investment insights

    China’s rising wealth drives shift in growth ambitions

    China’s rising wealth drives shift in growth ambitions
    Stéphane Monier - Chief Investment Officer<br/> Lombard Odier Private Bank

    Stéphane Monier

    Chief Investment Officer
    Lombard Odier Private Bank

    Key takeaways

    • China’s latest five-year economic plan introduces more flexibility to its growth targets
    • The country may see its GDP expand 9% this year, and focuses on economic quality as average incomes rise
    • First to recover from the pandemic, China is the first to normalise policy support
    • Short term, we have cut Chinese equity exposure to reflect slowing market momentum.

    As China gets richer, it is switching economic focus from generating wealth to securing higher-quality industrial self-sufficiency. To reflect this change in focus, China introduced more flexibility into its growth target. In the short term, as the first country into and out of the Covid pandemic, it is now the fastest to normalise fiscal and monetary policy. That has implications for holders of Chinese assets.

    At the National People’s Congress earlier this month, the government set a loose target of more than 6% growth for 2021. For the first time, the NPC did not lay out an average GDP for its new Five-Year Plan. Historically, the plans set out strict production quotas borrowing from the Soviet Union’s economic model. Since 1953, the plans have served as a communication tool from Beijing’s central government to the regions. The Covid pandemic meant that China missed its 2015-20 annual GDP target of 6.5%.

    “We will keep major economic indicators within an appropriate range, set annual targets for economic growth in light of actual conditions,” said Premier Li Keqiang at this year’s NPC. "Doing so will enable us to achieve higher-quality development that is more efficient, equitable, sustainable and secure."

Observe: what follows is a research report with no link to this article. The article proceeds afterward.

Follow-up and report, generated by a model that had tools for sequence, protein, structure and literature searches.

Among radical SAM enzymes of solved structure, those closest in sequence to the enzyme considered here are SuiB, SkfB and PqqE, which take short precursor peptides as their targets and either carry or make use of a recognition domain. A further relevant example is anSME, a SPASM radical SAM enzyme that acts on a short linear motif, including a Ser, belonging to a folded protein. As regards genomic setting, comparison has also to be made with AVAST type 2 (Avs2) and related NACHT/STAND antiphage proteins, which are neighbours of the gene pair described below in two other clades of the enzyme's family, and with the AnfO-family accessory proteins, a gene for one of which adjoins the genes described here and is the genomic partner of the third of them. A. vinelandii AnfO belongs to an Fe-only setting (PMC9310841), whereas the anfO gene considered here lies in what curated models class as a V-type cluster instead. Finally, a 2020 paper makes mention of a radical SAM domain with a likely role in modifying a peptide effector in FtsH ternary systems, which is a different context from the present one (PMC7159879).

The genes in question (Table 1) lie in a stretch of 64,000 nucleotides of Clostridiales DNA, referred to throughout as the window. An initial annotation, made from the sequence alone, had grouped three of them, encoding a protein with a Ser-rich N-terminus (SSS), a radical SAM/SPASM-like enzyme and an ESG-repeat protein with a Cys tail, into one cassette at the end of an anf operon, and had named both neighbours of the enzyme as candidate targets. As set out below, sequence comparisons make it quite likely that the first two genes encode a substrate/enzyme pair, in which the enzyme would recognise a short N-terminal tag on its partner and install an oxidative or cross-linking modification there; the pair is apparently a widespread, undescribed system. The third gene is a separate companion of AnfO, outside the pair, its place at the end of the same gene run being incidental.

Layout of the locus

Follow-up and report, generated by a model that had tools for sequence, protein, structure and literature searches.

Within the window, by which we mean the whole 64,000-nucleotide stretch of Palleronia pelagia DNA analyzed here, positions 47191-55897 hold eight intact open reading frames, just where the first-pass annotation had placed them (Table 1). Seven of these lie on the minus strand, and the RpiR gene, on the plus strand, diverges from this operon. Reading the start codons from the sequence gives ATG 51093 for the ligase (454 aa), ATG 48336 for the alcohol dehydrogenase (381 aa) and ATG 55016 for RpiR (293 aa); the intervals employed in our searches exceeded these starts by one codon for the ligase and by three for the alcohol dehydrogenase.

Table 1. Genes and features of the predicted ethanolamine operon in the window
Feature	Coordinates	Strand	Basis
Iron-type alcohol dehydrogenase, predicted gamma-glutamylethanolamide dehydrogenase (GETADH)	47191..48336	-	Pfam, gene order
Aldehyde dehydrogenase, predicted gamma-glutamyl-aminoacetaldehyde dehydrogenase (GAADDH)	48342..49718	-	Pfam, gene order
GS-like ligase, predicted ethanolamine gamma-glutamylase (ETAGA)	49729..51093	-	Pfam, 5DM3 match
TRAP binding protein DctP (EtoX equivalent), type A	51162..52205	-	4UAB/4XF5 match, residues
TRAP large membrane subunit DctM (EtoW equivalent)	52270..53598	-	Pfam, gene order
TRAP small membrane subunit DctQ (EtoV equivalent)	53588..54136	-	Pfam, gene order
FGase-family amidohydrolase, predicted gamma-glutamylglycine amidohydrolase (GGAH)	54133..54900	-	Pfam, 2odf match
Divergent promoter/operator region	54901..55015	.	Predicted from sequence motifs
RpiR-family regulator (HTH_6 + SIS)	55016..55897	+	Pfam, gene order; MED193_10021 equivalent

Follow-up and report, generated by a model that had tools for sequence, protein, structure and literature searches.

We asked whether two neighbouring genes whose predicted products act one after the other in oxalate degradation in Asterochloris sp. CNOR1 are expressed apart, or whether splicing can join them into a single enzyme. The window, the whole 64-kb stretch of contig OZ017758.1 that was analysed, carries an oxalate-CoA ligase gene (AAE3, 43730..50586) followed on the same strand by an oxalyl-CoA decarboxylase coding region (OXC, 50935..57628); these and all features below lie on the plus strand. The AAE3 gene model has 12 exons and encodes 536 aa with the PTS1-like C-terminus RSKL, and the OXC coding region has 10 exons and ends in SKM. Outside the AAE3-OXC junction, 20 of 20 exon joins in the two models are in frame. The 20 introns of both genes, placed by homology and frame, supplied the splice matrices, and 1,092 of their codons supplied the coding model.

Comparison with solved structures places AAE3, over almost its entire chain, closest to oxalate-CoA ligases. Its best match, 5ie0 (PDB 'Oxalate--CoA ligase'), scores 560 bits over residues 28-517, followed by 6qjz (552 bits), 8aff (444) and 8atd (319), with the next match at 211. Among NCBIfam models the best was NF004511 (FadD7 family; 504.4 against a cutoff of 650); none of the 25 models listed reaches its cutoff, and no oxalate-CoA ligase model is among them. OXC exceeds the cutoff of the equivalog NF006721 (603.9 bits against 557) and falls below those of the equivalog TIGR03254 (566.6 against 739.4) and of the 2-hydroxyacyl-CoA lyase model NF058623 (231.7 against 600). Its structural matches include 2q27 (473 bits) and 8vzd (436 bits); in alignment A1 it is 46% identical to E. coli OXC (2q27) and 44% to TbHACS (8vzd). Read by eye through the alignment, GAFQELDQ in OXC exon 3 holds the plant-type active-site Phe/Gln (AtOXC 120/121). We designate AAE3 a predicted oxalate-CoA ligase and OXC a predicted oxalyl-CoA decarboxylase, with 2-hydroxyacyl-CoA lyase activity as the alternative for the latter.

China recorded economic growth of 2.3% in 2020, its lowest rate since 1976 but still higher than any other major country. A year ago, the NPC did not fix an annual target, since the pandemic made the economic outlook too uncertain.

    We expect the PBoC to begin raising interest rates… over three steps…

    Although 2020’s annual growth fell short of the previous five-year target, growth in the fourth quarter of last year was strong and even taking account of tightening measures, we expect GDP to expand 9% for 2021. China also plans to cut its deficit from more than 3.6% last year to 3.2% in 2021. Some strategic sectors, such as technological research and development and the military budget, are excluded from cuts. We expect the People’s Bank of China (PBoC) to begin raising interest rates by 30 basis points, over three steps starting towards the end of this year. This would impact growth next year, we believe, trimming GDP expansion to around 5%.

    In contrast, the US Federal Reserve upgraded its growth outlook for the American economy last week while underlining that it does not foresee raising interest rates before the end of 2023. China’s 10-year government bond yield stands at 3.26%, compared with 1.67% for 10-year US Treasuries as we publish.

    Cost of credit

    China’s growth comes at some cost. Credit in the Chinese economy may have peaked as the government tries to balance financial risk in the economy and reduce debt. The PBoC has already removed some liquidity from China’s financial system, as it wants to avoid asset bubbles in sectors such as real estate. As a result, the country is letting firms including state-owned enterprises (SOEs) default on their debts, reforming bankruptcy rules and restructuring inefficient companies while prioritising employment. One fifth of the USD 10 billion recorded in Chinese corporate defaults this year are property developers.

    Fitch rating agency grades China ‘A+’ with a ‘stable’ outlook. It pointed this month to the process of tapering credit, which, the agency said, “could pose downside risks to the rating.”

    China is on track to achieve its ambition of becoming a high-income economy and double the nation’s GDP

    China has also started applying more regulatory oversight to technology firms, including fair competition rules. This month, the state market regulator said that it fined 12 companies for anti-monopoly violations including Tencent, Baidu and SoftBank.